Mark your calendar for April 13, 2029: A huge asteroid will fly by earth

Dubbed Apophis, after the Egyptian God of destruction,  the giant asteroid will fly by earth at a distance of merely 18,640 miles, close enough to be seen with the naked eye

Mark your calendars for April 13, 2029, when the asteroid Apophis (officially tagged as Apophis 99942) will make a dramatic flyby, skimming past Earth at a distance of just about 18,640 miles. To put that in perspective, the moon hangs out at a comfy 238,855 miles away from us. This cosmic close encounter will make Apophis visible as a fleeting point of light in the night sky, especially over Europe, Africa and Western Asia, no telescope required.
Apophis belongs to a group of space rocks known as Aten asteroids, which orbit the sun at a distance less than that of the earth. What makes this celestial visitor particularly alarming is its sheer size – estimated at a whopping 1,115 feet in diameter. If this giant were to smack into our planet, we're talking about cataclysmic damage. Imagine it hitting us at around 28,000 miles per hour, unleashing energy comparable to over 1,000 megatons of TNT.
Jonathan Mannell, part of the brainy team at Julius Maximilian University in Würzburg, Germany, paints a grim picture. "The impact crater from Apophis would likely span several miles, with enough force to decimate an area the size of Central Europe," he esplains.
But before you start prepping your apocalypse bunker, relax. NASA assures us that there's no risk of Apophis crashing into earth for at least the next century. So, even for the superstitious, this Friday the 13th should be nothing to lose sleep over.
Discovered on June 19, 2004, by Roy Tucker, David Tholen and Fabrizio Bernardi at the Kitt Peak National Observatory in Arizona, Apophis is named after Apep (or Apophis in Greek), the Egyptian deity symbolizing chaos and evil. This sinister name suits its hazardous classification and the vigilant monitoring of its orbit.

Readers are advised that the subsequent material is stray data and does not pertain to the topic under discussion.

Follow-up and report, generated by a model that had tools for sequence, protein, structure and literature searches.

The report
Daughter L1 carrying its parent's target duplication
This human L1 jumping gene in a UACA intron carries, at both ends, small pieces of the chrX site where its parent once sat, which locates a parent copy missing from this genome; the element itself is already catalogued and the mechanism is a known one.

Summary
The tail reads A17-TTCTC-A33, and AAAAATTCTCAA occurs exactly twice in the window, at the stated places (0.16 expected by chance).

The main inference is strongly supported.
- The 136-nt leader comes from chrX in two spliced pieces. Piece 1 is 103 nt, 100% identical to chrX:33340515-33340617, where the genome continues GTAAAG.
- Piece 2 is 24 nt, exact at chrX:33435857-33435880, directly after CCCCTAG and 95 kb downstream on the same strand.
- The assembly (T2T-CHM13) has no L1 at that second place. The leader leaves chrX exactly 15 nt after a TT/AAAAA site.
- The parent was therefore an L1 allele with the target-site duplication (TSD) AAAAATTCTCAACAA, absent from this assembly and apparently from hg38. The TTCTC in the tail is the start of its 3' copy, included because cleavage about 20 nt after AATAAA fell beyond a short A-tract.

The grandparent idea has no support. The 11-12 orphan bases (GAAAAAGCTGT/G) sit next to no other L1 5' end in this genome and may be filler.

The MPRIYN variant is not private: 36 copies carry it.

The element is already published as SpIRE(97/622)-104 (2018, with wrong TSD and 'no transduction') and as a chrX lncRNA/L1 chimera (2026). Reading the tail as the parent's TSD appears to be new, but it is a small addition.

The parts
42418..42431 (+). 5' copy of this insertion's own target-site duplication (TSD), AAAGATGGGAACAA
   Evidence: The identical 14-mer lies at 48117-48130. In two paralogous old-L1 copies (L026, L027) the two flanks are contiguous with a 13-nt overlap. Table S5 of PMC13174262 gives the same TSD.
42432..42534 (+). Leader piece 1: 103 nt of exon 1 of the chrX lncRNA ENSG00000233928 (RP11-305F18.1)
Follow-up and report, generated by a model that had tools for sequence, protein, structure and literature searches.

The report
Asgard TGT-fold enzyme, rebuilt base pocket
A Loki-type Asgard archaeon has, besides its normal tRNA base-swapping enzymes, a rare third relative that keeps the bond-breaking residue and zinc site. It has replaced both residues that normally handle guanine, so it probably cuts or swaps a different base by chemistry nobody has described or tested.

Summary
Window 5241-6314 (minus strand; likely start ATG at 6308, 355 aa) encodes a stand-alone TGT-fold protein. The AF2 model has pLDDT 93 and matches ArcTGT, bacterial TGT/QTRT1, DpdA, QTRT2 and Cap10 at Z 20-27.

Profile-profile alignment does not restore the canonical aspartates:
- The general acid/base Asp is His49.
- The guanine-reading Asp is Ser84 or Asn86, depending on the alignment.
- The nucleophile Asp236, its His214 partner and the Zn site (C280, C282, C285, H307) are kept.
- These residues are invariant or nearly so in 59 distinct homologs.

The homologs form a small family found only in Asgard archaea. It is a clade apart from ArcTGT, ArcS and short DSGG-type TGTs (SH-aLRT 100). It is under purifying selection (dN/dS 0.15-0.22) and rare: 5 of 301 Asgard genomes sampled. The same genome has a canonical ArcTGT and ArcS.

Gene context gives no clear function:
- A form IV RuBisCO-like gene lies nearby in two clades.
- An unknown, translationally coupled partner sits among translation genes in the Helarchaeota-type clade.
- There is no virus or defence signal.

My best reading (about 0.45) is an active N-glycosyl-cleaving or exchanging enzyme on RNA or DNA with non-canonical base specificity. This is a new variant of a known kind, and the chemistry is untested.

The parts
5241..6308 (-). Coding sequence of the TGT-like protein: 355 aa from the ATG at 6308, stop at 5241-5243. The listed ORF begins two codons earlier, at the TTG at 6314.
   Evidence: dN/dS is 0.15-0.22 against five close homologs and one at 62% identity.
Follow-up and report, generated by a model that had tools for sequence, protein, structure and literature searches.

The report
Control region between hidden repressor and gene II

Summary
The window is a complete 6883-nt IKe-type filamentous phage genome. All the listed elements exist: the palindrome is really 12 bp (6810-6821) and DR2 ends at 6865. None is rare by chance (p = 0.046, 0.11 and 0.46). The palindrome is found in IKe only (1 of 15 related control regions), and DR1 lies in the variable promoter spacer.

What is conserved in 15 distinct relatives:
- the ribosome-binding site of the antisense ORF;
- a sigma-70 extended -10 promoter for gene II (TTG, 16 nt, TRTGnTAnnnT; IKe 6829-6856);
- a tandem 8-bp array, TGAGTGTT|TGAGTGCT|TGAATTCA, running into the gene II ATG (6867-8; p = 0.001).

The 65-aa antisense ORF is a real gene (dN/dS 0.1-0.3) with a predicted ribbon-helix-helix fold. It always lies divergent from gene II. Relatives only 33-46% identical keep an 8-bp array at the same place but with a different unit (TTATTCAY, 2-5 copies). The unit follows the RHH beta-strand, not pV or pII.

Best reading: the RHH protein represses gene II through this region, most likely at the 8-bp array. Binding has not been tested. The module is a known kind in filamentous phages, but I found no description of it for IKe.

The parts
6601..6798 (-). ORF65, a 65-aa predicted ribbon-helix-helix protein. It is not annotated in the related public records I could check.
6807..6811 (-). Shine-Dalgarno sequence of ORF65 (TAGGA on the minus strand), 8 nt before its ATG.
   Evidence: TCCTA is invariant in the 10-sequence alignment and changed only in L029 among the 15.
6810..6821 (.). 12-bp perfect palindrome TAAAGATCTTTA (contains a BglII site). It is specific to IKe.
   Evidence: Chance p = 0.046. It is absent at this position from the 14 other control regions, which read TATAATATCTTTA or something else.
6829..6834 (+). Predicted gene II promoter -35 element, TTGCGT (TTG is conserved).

When Apophis was first spotted there was a 2.7% chance it might collide with earth in 2029. Thankfully, that probability has since been dialed down to zero.
Asteroids are the odd-shaped, rocky remnants orbiting the sun. Our solar system is home to about 1.3 million of these space rocks, with around 2,500 identified as potentially hazardous to Earth. These Potentially Hazardous Asteroids (PHAs) are those that come within roughly 4.5 million miles of Earth's orbit and are larger than 459 feet in diameter.
Scientists are buzzing with questions about asteroids: What are they made of? What affects their orbits? How do they behave when they drift near other celestial bodies? And just how much do these gravitational interactions alter their paths? Given that a behemoth like Apophis swings by earth once every millennium, this is a golden opportunity for research.
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אסטרואיד חולף על פני כדור הארץ
אסטרואיד חולף על פני כדור הארץ
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The NEAlight project, headed by Professor Hakan Kayal at the Julius Maximilian University in Würzburg, is diving into these mysteries. The team is prepping a small satellite to shadow Apophis for two months as it nears earth, gathering data on any changes in the asteroid using a variety of measurements. This satellite will have to operate autonomously and cover a significant distance – no small feat.
Additionally, Germany is contributing to the European RAMSES (Rapid Apophis Mission for SEcurity and Safety) mission. This mission involves deploying a larger satellite armed with smaller satellites, telescopes and an array of measuring instruments to accompany Apophis during its close approach, providing a prolonged and detailed examination.
By studying Apophis, humanity hopes to glean invaluable insights that could one day help us defend against potentially deadly asteroids. So, while Apophis' visit may sound like a plot straight out of a sci-fi thriller, it's a real-world chance for us to prepare for whatever cosmic surprises the future might hold.
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